Digerati50: Rocking it in Silicon Valley

Digital News Asia (DNA) continues a weekly series that profiles the top 50 influencers, movers and shakers who are helping shape Malaysia’s Digital Economy. These articles are from Digerati50, a special print publication released in January 2014. For information on customised reprints of Digertai50, email [email protected].

  • A side project found cofounders pivoting to a more promising business
  • Having found validation in US market, duo ready for ‘the big one’ in funding
 Digerati50: Rocking it in Silicon Valley

WHEN San Francisco-based Aris Samad and Azreen Latiff (pic above, left-right), cofounders of QuickSchools.com, declare their company is in the best shape it has ever been in, powered by a mature product that has been “finessed and polished,” they are really talking about the culmination of an 11-year journey which sees theirs as the only Malaysian Internet company based in Silicon Valley.
That journey began promisingly when the duo was declared winners of Venture 2002, a business plan competition, with a supply chain solution.
Those were heady days, with lots of venture capitalists interested in their product. It was a product described by the judges then as “a real breakthrough involving a new algorithm that is fascinating.”
The highs they experienced then were quickly followed by the crushing disappointment of not being able to raise any money from all the interest.
It is in times like these that entrepreneurs have to look deep within themselves and ask some uncomfortable questions, including, are they really cut out to be entrepreneurs? How much pain are they willing to endure to achieve their dreams?
In the case of Azreen and Aris, they decided they had to take control of their destiny and gradually build Maestro Solutions into a profitable entity. That destiny took an unexpected twist when their alma mater asked them for help with a school management system in 2006.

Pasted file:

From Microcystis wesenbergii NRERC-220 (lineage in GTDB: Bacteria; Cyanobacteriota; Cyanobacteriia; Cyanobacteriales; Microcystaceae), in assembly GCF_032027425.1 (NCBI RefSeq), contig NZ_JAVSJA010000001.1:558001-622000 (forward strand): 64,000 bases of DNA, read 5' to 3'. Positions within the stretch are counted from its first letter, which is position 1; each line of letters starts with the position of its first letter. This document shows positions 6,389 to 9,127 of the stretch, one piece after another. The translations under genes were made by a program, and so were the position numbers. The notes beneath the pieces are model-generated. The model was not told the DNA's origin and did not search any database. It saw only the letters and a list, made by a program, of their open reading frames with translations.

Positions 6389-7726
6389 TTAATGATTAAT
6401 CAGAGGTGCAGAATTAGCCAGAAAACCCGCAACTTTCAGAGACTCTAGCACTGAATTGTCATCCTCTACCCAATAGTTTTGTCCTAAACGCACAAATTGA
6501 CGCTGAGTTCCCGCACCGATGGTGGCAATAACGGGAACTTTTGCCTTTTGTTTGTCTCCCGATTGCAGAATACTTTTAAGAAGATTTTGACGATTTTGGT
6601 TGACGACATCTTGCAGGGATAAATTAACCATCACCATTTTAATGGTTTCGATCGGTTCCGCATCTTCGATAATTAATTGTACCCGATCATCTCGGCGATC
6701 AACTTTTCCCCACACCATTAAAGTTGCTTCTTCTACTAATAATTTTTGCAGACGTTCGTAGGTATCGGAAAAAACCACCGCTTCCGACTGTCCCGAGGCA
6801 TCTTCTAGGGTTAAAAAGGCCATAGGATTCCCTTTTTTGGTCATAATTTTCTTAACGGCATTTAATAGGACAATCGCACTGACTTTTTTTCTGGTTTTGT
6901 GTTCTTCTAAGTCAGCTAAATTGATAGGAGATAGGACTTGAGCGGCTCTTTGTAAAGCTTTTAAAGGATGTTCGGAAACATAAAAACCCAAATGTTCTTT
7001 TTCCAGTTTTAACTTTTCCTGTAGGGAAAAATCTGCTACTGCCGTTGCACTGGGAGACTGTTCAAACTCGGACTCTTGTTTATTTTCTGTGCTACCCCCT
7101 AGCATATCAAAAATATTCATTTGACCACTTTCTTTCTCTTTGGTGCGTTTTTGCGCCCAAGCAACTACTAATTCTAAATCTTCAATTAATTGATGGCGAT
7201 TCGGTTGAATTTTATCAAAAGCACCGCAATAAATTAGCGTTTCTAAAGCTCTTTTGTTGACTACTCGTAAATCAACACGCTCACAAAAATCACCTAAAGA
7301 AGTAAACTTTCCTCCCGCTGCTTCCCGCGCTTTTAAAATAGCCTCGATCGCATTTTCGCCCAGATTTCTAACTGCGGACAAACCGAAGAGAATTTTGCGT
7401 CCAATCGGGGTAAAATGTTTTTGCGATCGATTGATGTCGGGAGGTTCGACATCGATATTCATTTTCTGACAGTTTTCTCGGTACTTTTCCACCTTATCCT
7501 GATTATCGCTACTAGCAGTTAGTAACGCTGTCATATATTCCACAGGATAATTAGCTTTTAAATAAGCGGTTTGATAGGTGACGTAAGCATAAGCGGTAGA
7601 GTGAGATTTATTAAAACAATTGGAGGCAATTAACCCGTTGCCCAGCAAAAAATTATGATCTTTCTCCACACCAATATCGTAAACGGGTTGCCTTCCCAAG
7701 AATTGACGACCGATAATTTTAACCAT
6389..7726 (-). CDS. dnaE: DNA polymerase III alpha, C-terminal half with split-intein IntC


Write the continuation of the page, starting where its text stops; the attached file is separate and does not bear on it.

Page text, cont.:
They realised that their supply chain solution could actually be adapted to form the foundation for the school management system they eventually built, a fully online system.
They started getting customers from the United States. “It was amazing to us as we never did any promotions or marketing in the United States, but somehow the schools found us on the Internet and not only bought our school management system, but gave us suggestions to make it better,” says Azreen.
The reality of the situation then confronted them in mid-2009. What was initially supposed to be a side project, helping their alma mater, actually had greater potential to scale than their supply chain solution.
Also, that their market and customers were in the United States. If they wanted to fully explore the potential of QuickSchools.com, that was where they had to be. “We made a mistake the first two years of focusing on the Malaysian market,” Aris recalls.
Digerati50: Rocking it in Silicon ValleyBy December 2009, they decided to make the move. Their venture capital firm DTA Ventures Sdn Bhd, which invested in them in January, 2009, was very supportive of the move.
DTA Ventures managing director Dali Sardar (pic) praises the maturity and integrity of the duo. He points out that DTA agreed to relocate them in Silicon Valley based on the promise that they will only return after a successful exit.
After being on a ‘low burn rate’ in the United States since 2010, they had sufficient traction in 2013 that they scaled up operations by adding a sales team (sales was previously driven online only) and launched an app store.
“We are doing things which are amazing in our niche here, and that is beginning to make some news,” claims Aris.
With momentum building, QuickSchools.com expects to be profitable in mid-2014, and the two cofounders feel the time is right to start reaching out to potential investors.
“We expect to double our customer base and feel we have an exciting story that enhances our appeal,” says Azreen, who adds that in terms of funding, “We are now looking for the big one.”
They want to raise a substantial amount in the next round so that they can scale up more rapidly and be recognised as one of the leaders in online school management systems.
“We need to win the [US] market very convincingly,” says Aris, confident that they have put themselves into a position to do just that.

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